World’s Largest

South Korea has 12 of the world’s 25 largest churches, and the United States has one in the top 25, according to research done by John Vaughan of the Megachurch Research Center in Bolivar, Missouri.

The 10 largest churches, based on total attendance for worship services, are: Yoido Full Gospel Church, Seoul (180,000); Vision de Futuro, Santa Fe, Argentina (80,000); Deeper Christian Life Ministry, Lagos, Nigeria (70,000); Waves of Love and Peace, Buenos Aires (70,000); Jotabeche M. Pentecostal Church, Santiago, Chile (50,000); Kum Ran Methodist Church, Seoul (50,000); Nambu Full Gospel Church, Seoul (47,000); Soong Eui Methodist Church, Inchon, South Korea (40,000); Jesus Is Lord Fellowship, Manila (35,000); Madureira Assembly of God, Rio de Janeiro (30,000). First Baptist Church of Hammond, Indiana, (20,000) is fifteenth on the list.

Vaughan said overseas churches grow larger in part because they are willing to build and rebuild meeting facilities slightly smaller than needed, perpetuating the need for a new, second service that encourages further growth.

Famine Again

Parts of Africa are facing starvation equal to or greater than in the highly publicized famine in the mid-1980s. About 20 million people in the nations of Ethiopia, Sudan, Liberia, Angola, and Mozambique face starvation without immediate aid, according to recent reports. The potential famine is due to failing crops, low rainfall, and civil war.

About 2.5 million people are at increased risk of starving or dying of thirst in Ethiopia, where civil war has severely hampered aid deliveries and crop plantings. In the Sudan, several million are expected to face hunger next year because of civil war, two successive failed harvests, and poor autumn rainfalls. In Liberia, civil war displaced up to 1 million, while civil war in Angola has left about 1.9 million facing starvation.

Christians Tortured

Three Muslim converts to Christianity have been tortured repeatedly since their arrest and subsequent trial last November on charges of crimes against the government of Egypt, reports Amnesty International. The human-rights group says the three were in “bad physical condition” when they appeared at a mid-December hearing, “suffering from hunger and the effects of continuing torture, including electric shocks.”

The three men are Mohammad Hussein Ahmed Mohammad Selam, 25, Mustafa Mohammed Said al-Sharkawi, 27, and Hassan Mohammad Ismail, 21. All converted from Islam to Christianity from three to six years ago.

Although they were declared innocent at a November 24 court hearing in Egypt of having conducted “actions against a heavenly religion [Islam],” that ruling was appealed and the men were rearrested. They now face newly created charges and a potential sentence of up to eight years in prison. Sources in the Middle East say the three are members of the same church and have been offered release if they emigrate to the West. Their church is under increased pressure from the Egyptian Ministry of the Interior to reduce the profile of its ministry to Muslims, sources say.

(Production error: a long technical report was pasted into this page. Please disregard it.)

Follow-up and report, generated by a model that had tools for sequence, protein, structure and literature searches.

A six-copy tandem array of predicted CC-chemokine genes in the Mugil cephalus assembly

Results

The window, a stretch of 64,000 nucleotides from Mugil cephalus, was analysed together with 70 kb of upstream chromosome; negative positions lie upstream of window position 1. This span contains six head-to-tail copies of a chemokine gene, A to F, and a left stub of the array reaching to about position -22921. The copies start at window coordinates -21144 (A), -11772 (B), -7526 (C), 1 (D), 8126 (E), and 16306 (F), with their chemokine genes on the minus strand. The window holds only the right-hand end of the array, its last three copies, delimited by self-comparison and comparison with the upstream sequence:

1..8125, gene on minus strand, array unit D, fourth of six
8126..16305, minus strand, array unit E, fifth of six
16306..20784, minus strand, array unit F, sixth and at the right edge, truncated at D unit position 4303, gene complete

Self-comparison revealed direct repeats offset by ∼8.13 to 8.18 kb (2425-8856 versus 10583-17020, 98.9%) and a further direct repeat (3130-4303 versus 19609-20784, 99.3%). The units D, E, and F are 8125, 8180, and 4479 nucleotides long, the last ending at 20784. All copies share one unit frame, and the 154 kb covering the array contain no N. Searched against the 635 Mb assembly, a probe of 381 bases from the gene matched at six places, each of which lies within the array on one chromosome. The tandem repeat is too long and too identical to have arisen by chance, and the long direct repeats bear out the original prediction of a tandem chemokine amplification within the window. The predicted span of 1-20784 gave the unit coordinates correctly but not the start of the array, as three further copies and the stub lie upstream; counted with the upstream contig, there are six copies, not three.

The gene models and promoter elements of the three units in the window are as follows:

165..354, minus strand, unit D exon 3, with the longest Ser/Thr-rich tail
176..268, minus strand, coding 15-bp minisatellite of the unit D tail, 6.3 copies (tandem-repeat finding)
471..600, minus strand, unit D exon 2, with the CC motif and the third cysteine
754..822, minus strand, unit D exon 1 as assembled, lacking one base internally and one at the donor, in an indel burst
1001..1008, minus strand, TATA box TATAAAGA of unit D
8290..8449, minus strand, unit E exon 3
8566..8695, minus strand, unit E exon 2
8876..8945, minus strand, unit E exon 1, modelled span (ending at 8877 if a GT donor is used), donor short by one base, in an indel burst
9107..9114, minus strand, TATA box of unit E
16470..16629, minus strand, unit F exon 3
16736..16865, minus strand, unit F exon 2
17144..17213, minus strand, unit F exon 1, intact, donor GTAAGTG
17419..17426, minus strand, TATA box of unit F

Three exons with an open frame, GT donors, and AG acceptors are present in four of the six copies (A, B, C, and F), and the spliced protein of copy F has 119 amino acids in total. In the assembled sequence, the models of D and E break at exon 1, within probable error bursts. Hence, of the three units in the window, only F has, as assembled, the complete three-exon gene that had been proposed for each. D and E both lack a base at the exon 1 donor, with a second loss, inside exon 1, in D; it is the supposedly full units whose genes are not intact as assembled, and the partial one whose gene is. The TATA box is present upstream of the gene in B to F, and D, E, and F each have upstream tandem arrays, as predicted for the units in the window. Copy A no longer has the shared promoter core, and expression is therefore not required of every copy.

Christian Centennial

Evangelicals in Costa Rica last month celebrated the centennial of the proclamation of the gospel in their country. More than 300,000 attended events that included a parade and a rally featuring evangelist Luis Palau.

Pentecostal churches, which form the largest evangelical group in Costa Rica today, were the primary sponsors for the centennial celebration, marking the one-hundredth anniversary of the time when Central American Mission (now CAM International) initiated its work there.

Palau spoke to about 150,000 people at the February 2 rally. For three days prior to that, an evangelistic campaign, which included three national television programs, drew about 83,000 to other meetings, where 3,700 indicated decisions for Christ. Palau also met with Costa Rican President Rafael Angel Calderon Fournier, a Roman Catholic, who expressed his respect for evangelicals, who now compose nearly a quarter of the nation’s 2.6 million people.

Briefly Noted

Slowed:Growth in the number of missionaries sent by agencies belonging to the Evangelical Foreign Missions Association (EFMA). Thirty affiliate agencies sent more missionaries in 1989, 18 sent the same number, and 35 sent fewer, according to EFMA, whose members represent a total of about 19,000 full- and short-term North American workers.

Named:John Erickson as general secretary of the United Bible Societies. Erickson is the vice-president of the American Bible Society.

Signed: An agreement to send Protestant professors to teach in two leading Soviet universities. The International Institute for Christian Studies has signed contracts to provide Western professors for the philosophy departments of Moscow State University and Novosibirsk State University, where interest in historical evidences and philosophical arguments for Christianity is strong.

Growing: The number of Protestant churches in Japan, where the Church Information Service reports a net increase of 215 churches for 1990. While Japan’s total population grew only .35 percent, Protestant churches grew by 3.1 percent. The ratio of general population to churches dropped by about 500, to 17,532 people per church.

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